Yosemite National Park in California just Got Bigger by 400 Acres

Image credits Adam Kool.
Image credits Adam Kool.

Yosemite National Park is among the most visited national reserves in the United States. It has mesmerisingly beautiful waterfalls and towering mountains. And just recently it got bigger. By annexing the nearby Ackerson Meadow, Yosemite grew by another 400 acres to the west. The area was bought for the park by conservation group Trust for Public Land (TPL) for US$2.3 million.

Before becoming part of a natural reserve, the Ackerson Meadow was used for logging and for grazing cattle. The area is known to house at least two endangered species, including North America’s largest species of owl.

The land was previously owned by Robin and Nancy Wainwright, who acquired it in 2006. Mr Wainwright said that he received other offers for the land, most notably a lucrative offer from a developer which planned to build a resort on it. But, he says, you can often see bears strolling through the meadow or owls flying over the fields in spring — and he hadn’t wanted that experience to be available only to visitors who could afford to stay in a resort.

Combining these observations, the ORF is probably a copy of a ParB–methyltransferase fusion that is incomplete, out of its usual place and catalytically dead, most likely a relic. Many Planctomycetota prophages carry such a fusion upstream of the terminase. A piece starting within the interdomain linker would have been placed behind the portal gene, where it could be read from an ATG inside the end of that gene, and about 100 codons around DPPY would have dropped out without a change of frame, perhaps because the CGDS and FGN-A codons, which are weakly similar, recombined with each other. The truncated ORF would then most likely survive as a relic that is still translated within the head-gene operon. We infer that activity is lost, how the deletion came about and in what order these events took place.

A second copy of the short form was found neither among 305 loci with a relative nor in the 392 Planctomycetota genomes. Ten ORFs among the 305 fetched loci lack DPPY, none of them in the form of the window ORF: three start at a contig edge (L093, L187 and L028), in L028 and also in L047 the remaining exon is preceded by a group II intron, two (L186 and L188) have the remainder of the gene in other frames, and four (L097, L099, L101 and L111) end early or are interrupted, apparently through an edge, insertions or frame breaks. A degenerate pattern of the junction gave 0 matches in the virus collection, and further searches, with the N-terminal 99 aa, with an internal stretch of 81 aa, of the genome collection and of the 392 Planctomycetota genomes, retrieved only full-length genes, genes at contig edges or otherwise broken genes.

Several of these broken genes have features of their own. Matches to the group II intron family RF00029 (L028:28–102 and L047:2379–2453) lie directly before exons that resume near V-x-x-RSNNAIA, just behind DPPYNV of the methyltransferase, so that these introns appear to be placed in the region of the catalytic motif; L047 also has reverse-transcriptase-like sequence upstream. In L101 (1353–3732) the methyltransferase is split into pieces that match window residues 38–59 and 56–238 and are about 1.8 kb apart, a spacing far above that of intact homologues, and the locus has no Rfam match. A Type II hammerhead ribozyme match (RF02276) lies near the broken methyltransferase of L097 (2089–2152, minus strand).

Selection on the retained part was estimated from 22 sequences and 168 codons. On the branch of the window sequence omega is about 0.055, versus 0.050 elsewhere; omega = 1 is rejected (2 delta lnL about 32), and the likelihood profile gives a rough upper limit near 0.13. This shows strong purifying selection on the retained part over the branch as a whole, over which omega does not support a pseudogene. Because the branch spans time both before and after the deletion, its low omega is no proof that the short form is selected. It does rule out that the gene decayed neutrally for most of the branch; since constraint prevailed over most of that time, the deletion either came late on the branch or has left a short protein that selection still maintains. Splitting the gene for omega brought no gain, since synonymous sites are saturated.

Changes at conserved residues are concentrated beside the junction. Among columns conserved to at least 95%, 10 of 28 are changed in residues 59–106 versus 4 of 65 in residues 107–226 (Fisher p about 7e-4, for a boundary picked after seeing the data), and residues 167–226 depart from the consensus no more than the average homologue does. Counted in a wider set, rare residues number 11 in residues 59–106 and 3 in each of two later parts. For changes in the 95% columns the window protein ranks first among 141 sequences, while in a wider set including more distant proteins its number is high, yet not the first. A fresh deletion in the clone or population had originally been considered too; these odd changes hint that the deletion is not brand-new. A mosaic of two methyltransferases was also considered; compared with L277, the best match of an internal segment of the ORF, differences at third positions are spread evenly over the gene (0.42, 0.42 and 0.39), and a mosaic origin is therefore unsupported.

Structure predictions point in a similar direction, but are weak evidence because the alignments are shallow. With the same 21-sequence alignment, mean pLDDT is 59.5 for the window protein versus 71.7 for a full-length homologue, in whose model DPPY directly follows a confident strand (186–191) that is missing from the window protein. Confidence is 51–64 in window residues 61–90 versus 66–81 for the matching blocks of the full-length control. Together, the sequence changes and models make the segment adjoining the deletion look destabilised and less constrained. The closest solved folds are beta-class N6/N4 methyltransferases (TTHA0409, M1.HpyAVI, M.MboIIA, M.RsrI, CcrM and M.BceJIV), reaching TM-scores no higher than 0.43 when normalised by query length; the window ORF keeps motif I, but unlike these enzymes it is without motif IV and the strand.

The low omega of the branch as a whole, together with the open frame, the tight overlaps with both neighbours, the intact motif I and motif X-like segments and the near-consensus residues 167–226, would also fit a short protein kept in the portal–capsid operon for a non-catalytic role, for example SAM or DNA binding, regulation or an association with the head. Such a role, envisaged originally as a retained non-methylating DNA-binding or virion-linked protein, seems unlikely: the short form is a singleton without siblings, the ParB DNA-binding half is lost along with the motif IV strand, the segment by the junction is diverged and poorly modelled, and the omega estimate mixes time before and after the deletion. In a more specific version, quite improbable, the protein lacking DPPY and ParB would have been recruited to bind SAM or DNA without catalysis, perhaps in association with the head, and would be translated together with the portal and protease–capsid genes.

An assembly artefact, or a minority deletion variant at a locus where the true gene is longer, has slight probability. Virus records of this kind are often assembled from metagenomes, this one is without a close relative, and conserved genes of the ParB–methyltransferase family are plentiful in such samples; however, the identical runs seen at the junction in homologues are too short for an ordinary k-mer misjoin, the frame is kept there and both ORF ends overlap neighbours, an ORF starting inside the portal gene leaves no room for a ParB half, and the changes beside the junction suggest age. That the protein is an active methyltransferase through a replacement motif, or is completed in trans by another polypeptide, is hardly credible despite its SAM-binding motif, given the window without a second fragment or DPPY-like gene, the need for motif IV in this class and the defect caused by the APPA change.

“To have that accessible by everyone, to me is just a great thing. It was worth losing a little bit of money for that,” he added.

Park spokesman Scott Gediman said Yosemite’s boundary had seen some minor changes over the years but the addition of Ackerson Meadow was the largest expansion since 1949. He said that the Trust for Public Land had contributed US$1.53m for the purchase, with the rest being covered by the Yosemite Conservancy group and anonymous donors.

So hats off to the Wainwrights — the more people start appreciating what natural parks are worth, the better. We thank all those who invested in preserving a small piece of the planet for the betterment of everyone; man and beast alike.